While major exhibitions of Japanese photography have become steadily more frequent over the last thirty years, Ravens & Red Lipstick offers one of the first overviews of the subject to be published in English.
Visually bold and richly detailed, this volume traces the development of Japanese photography from the severity of post-war Realism to the diversity and technical ingenuity of photography in contemporary Japan, via movements and groups such as Vivo in the 1960s and ‘girls’ photography’ in the 1990s. Interleaved are new interviews with some of the most influential practitioners in photographic history, from Moriyama Daido to Araki Nobuyoshi and Kawauchi Rinko.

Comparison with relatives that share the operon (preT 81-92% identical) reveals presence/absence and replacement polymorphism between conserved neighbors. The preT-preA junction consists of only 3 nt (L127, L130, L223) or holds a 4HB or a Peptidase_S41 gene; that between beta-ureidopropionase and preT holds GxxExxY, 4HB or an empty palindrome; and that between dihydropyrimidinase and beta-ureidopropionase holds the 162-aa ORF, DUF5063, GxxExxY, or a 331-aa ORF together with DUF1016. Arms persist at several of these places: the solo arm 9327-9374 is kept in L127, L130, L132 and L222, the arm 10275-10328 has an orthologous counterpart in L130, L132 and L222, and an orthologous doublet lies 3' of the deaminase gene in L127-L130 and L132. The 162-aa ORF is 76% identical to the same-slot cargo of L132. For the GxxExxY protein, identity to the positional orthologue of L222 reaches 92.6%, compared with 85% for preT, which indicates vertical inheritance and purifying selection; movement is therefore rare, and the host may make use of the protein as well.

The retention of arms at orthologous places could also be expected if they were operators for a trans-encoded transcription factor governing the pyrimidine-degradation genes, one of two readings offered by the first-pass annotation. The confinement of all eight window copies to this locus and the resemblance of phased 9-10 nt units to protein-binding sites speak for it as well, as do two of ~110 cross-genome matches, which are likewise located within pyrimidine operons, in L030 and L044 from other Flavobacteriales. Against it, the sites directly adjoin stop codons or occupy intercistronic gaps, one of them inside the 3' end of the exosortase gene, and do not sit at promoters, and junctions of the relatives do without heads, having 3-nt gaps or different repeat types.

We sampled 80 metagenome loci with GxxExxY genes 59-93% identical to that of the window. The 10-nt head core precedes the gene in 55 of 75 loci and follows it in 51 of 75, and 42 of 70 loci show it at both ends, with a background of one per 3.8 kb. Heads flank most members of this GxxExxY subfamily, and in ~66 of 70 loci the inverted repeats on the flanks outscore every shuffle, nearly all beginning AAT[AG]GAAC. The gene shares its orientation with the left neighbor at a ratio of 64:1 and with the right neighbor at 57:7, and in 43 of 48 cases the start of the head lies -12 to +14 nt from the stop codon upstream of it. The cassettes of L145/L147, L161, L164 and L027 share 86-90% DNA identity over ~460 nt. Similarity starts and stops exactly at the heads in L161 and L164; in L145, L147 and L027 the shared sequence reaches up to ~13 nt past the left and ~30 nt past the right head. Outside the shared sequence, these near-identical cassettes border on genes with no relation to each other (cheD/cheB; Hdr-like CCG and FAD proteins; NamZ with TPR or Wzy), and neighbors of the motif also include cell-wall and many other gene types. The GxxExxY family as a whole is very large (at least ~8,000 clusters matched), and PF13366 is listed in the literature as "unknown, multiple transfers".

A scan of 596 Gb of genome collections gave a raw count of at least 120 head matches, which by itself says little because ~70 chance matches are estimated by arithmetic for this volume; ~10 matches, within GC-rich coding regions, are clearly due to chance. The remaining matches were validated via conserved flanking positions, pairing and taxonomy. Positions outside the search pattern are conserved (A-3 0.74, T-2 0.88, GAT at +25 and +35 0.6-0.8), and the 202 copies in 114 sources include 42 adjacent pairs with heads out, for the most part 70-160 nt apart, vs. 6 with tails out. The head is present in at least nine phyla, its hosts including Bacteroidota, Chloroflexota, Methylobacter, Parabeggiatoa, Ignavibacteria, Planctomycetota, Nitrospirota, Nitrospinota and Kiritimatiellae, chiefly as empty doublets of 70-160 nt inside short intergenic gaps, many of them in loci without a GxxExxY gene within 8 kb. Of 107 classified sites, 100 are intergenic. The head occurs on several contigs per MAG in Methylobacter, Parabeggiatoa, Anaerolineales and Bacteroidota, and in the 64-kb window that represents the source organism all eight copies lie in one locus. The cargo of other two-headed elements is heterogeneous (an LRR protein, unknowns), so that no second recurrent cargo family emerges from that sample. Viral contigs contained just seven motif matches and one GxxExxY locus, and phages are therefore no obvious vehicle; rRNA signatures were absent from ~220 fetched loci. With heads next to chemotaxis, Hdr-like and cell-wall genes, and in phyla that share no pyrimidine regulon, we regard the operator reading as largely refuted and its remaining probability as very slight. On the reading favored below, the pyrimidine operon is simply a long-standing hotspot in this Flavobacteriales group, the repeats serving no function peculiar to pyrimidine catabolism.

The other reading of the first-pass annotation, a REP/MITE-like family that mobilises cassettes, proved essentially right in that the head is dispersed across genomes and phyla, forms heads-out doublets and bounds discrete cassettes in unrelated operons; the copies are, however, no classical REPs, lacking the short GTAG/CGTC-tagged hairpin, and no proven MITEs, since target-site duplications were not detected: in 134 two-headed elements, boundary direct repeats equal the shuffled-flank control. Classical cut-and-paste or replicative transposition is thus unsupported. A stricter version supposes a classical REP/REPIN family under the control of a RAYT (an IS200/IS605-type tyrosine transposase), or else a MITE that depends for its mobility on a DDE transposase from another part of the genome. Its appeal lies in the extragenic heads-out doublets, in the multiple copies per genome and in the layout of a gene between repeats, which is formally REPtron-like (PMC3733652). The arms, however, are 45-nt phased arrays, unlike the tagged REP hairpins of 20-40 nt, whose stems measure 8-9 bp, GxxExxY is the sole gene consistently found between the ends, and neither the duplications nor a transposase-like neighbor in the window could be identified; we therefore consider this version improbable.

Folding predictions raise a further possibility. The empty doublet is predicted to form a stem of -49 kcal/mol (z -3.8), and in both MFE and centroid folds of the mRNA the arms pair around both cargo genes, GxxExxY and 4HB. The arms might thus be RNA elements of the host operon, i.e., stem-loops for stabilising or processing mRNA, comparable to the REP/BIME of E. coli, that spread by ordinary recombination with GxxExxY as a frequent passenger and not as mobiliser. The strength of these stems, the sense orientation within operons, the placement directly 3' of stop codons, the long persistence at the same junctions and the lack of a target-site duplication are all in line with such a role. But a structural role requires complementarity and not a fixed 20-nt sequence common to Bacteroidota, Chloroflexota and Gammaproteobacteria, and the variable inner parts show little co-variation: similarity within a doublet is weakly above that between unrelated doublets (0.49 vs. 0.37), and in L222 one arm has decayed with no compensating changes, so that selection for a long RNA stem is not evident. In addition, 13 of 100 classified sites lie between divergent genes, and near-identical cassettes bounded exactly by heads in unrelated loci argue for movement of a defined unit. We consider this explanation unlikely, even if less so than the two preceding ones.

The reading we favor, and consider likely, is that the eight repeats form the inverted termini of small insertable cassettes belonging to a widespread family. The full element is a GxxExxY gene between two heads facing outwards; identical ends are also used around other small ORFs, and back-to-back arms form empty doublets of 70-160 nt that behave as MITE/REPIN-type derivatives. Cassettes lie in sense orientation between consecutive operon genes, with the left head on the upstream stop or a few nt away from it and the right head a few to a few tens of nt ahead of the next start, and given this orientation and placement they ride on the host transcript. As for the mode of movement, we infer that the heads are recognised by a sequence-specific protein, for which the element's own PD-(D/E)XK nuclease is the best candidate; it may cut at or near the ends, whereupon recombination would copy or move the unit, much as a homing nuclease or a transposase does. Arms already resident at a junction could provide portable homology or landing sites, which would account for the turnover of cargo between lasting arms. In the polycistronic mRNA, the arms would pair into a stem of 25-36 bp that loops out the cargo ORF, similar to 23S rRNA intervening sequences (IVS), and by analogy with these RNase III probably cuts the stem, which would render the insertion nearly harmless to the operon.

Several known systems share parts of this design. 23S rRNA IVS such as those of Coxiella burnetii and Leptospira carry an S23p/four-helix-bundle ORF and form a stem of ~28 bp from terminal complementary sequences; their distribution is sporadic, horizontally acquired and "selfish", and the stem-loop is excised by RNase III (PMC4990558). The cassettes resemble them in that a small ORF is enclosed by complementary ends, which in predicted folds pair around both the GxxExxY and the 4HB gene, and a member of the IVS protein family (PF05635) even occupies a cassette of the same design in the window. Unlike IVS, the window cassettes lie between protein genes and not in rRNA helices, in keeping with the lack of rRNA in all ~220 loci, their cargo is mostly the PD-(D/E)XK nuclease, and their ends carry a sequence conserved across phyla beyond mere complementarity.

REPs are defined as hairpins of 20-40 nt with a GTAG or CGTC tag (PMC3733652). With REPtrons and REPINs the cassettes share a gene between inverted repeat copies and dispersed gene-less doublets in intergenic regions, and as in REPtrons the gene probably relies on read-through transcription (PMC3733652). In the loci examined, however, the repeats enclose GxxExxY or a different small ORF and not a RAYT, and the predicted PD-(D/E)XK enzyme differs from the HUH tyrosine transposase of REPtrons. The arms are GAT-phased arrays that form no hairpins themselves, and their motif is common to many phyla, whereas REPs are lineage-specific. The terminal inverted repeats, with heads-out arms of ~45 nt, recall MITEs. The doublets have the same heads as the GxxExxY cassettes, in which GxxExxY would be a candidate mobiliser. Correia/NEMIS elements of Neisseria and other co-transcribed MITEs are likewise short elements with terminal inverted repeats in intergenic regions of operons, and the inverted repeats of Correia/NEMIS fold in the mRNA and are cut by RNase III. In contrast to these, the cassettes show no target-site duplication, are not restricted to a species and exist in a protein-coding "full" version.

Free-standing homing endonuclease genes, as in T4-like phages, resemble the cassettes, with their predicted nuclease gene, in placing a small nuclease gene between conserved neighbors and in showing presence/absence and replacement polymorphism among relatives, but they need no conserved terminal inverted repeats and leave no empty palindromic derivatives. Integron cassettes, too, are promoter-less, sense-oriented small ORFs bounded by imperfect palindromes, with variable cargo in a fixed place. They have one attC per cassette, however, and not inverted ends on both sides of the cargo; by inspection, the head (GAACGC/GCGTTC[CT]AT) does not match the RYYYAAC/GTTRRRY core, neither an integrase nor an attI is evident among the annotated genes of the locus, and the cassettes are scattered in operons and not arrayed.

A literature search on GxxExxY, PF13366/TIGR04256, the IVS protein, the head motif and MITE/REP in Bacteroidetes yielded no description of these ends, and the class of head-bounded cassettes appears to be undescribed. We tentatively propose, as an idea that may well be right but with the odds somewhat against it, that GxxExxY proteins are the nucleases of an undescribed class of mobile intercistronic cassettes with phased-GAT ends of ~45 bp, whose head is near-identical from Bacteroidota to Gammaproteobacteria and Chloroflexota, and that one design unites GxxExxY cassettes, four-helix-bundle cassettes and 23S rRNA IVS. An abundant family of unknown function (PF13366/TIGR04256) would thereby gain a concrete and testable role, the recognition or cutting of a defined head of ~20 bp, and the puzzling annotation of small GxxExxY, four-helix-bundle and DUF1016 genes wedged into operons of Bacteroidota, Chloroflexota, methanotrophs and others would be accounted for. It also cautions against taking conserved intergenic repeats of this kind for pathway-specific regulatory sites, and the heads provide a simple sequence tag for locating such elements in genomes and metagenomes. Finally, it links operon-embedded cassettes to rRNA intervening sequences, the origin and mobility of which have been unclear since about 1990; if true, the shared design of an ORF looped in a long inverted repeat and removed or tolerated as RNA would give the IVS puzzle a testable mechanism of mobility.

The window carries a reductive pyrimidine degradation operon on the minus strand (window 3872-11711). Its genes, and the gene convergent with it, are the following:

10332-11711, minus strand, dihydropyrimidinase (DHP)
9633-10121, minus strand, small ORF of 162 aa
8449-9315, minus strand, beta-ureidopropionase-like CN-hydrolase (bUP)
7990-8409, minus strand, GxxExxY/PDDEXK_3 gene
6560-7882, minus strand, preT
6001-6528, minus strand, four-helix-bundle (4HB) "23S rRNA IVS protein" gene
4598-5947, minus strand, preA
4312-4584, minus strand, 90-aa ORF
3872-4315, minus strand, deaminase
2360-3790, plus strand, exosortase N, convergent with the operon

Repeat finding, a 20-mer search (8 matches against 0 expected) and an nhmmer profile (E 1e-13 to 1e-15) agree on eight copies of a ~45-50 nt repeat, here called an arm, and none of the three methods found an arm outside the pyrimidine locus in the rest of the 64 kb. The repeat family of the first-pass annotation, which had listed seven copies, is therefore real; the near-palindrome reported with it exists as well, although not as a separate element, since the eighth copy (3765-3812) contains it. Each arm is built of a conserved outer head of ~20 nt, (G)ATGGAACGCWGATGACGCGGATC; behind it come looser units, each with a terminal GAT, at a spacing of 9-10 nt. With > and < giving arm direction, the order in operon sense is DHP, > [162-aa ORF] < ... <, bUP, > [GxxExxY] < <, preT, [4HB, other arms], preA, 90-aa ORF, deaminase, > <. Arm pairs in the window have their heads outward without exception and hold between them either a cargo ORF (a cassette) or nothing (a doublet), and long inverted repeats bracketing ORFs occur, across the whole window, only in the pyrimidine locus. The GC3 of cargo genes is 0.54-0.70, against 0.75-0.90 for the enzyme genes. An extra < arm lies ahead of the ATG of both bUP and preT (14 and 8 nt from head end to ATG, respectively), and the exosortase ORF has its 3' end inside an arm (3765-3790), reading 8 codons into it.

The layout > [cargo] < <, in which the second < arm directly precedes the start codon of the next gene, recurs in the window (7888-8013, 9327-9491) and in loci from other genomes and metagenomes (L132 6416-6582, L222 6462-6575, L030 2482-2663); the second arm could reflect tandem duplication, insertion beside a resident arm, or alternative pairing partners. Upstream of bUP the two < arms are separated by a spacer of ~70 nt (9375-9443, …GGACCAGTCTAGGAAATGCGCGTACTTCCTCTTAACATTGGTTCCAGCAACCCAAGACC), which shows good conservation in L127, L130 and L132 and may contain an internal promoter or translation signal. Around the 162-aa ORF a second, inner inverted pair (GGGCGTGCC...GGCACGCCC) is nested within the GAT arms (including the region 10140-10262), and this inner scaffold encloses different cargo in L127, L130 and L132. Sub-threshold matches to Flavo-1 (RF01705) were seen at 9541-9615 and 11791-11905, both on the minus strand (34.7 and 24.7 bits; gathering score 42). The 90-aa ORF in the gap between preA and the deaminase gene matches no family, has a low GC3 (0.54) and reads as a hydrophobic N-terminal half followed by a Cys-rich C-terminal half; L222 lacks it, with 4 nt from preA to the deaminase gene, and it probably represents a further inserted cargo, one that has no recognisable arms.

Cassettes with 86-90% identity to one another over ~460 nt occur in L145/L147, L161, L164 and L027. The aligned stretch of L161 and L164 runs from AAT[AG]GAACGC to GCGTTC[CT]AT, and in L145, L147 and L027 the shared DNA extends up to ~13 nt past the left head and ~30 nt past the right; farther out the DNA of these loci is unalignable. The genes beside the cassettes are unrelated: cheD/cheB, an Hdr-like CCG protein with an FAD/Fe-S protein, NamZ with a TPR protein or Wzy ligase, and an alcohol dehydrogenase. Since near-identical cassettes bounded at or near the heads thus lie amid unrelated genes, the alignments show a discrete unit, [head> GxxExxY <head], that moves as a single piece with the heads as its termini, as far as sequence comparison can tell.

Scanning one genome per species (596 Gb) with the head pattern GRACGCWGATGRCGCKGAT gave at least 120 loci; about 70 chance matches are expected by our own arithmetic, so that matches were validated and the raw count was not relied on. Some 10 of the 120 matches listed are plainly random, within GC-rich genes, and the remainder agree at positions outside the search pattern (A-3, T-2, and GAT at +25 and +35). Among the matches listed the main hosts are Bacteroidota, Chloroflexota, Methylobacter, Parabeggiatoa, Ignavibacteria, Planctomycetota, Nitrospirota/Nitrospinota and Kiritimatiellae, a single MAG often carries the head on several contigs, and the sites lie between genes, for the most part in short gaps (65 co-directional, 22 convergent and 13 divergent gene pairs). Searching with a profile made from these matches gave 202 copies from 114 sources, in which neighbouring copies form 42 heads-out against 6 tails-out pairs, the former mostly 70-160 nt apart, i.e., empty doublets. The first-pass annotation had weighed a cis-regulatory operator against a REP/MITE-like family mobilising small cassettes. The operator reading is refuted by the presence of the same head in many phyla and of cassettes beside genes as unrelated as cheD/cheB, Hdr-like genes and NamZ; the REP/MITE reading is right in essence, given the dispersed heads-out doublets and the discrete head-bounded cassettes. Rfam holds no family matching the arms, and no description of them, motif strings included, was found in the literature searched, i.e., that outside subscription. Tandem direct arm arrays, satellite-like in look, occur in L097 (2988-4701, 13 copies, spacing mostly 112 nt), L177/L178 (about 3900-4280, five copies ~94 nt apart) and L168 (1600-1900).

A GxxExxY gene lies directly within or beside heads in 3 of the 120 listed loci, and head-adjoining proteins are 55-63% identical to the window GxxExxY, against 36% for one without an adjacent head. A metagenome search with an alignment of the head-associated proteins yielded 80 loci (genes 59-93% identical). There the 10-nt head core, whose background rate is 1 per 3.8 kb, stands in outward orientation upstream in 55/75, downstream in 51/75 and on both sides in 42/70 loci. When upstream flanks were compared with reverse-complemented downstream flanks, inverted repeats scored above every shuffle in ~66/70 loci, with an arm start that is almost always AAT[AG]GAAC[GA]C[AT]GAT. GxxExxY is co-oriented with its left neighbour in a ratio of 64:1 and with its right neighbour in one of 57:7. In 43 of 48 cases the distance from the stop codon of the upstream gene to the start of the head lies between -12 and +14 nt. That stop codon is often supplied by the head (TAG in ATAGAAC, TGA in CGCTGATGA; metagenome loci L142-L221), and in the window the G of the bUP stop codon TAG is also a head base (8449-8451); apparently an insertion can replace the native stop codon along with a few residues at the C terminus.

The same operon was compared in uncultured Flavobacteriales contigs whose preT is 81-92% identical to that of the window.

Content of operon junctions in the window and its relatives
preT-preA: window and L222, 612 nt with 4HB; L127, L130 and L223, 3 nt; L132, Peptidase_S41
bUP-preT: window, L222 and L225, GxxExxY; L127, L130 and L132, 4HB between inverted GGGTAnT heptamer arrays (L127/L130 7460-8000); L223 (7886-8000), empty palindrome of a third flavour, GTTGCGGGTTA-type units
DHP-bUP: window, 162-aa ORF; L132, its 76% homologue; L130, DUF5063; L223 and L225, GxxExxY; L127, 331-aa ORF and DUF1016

Lena Fritsch writes with imagination and clarity, interrogating a cross-section of photographic movements and works against the vivid, shifting backdrop of Japanese social, cultural and political history. The result is both an accessible introduction and an illuminating work of analysis, for general readers and aficionados alike.